ANAHEIM, Calif. -- NCAA president Mark Emmert said a consensus is growing among college sports leaders that college athletes will soon be allowed to make money from business ventures that aren't directly related to their athletic ability.
Emmert focused his comments at his annual "state of college sports" address at the NCAA convention Thursday evening around the ongoing debate over the ability of college athletes to profit from their name, image or likeness. He said he sees the issue as the "symptom of a bigger debate about the inherent fairness of college sports." He believes the organization's members are getting closer to changing their rules to try to make them more fair for athletes.
The committee weighing the NCAA's options on the future of name, image and likeness rules this week broke their discussion into three main areas: individual licensing, group licensing and "work product." The third category -- which includes things like athletes teaching lessons, running their own businesses or monetizing a social media following -- is the most likely area to change in the near future.
"I think there's a clear consensus that we need to get those rules changed," Emmert said Thursday. "That, again, is making things look more like and feel more like you're a regular student."
NCAA rules currently prohibit students from making any money from those types of business ventures without a specific waiver from the national office of the organization. Pressure from state and federal legislators during the past year has pushed the NCAA to reconsider the ways in which college athletes will be allowed to make money from the growing industry of college sports.
NCAA leaders are concerned that allowing a free market for athletes to make endorsement money will end up creating a scenario where boosters are paying athletes as part of the recruitment process. Emmert said the details of how to prevent the "work product" opportunities from creating the same problems are yet to be determined.
"How do you determine what the real marketplace is?" Emmert said. "How do you manage that? How do you police that? I think the [groups working on the issue are] making some really good strides in that direction."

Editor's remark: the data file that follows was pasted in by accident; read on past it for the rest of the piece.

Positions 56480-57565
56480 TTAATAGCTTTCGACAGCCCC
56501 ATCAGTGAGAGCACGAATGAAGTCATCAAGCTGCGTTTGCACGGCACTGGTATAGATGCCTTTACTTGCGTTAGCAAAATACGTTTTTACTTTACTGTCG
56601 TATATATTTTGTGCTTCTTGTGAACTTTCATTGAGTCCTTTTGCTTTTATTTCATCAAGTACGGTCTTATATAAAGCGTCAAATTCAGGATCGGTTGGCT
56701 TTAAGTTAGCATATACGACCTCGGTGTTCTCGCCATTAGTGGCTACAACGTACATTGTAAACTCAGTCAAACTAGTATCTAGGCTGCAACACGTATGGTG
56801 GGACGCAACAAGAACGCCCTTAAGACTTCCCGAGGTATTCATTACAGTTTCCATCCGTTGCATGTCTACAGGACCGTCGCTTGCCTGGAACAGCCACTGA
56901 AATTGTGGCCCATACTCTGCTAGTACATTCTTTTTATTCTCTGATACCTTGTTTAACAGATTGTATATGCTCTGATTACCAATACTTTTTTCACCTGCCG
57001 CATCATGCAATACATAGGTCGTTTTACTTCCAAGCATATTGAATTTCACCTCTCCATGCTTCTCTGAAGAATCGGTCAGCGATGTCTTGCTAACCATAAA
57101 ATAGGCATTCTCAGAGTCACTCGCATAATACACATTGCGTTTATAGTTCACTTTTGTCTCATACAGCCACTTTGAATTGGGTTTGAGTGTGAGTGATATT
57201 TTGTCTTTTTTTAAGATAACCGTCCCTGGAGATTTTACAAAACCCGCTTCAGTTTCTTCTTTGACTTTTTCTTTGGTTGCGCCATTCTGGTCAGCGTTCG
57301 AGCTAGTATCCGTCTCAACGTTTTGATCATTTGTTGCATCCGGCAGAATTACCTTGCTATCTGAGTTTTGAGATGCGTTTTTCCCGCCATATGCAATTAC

Emmert said he did not know if the NCAA would regulate that market or if it would ask a third party to be in charge of that process. The National College Players Association, a non-profit aimed at advocating for college athletes and an outspoken critic of the NCAA, published a paper last week saying that it is in a better position to make sure it is representing the interest of athletes in future discussions about money-making opportunities. Emmert urged NCAA delegates at this year's convention to make sure they were keeping the well-being of athletes at the forefront of all their decisions and acknowledged that many critics believe the organization has conflicts of interest that keep it from acting in the best interest of athletes.
The group working through the details of name, image and likeness issues is expected to present a report and potential proposals to the NCAA's board of governors in April. Under the normal NCAA timeline for creating rules, those new rules would not be in place until January 2021, but Emmert said the board may move faster on some items if there is a reason to do so.
Several state legislatures are in the process of considering state laws that would make it illegal for colleges in their states to enforce the NCAA's current restrictions on players making endorsement money. California has already passed a law to that end that will go into effect in 2023. Some other states are pressing to enact legislation as early as this coming summer.
Emmert said he has been working with members of Congress for much of the past year to ask for help in creating a national law that would make uniform rules for college sports in different states and allow the NCAA to maintain some control over policing the new market for college athletes.
"Clearly people in Washington want to know what the desires are of college sports, and we need to work with them to help figure that out," Emmert said.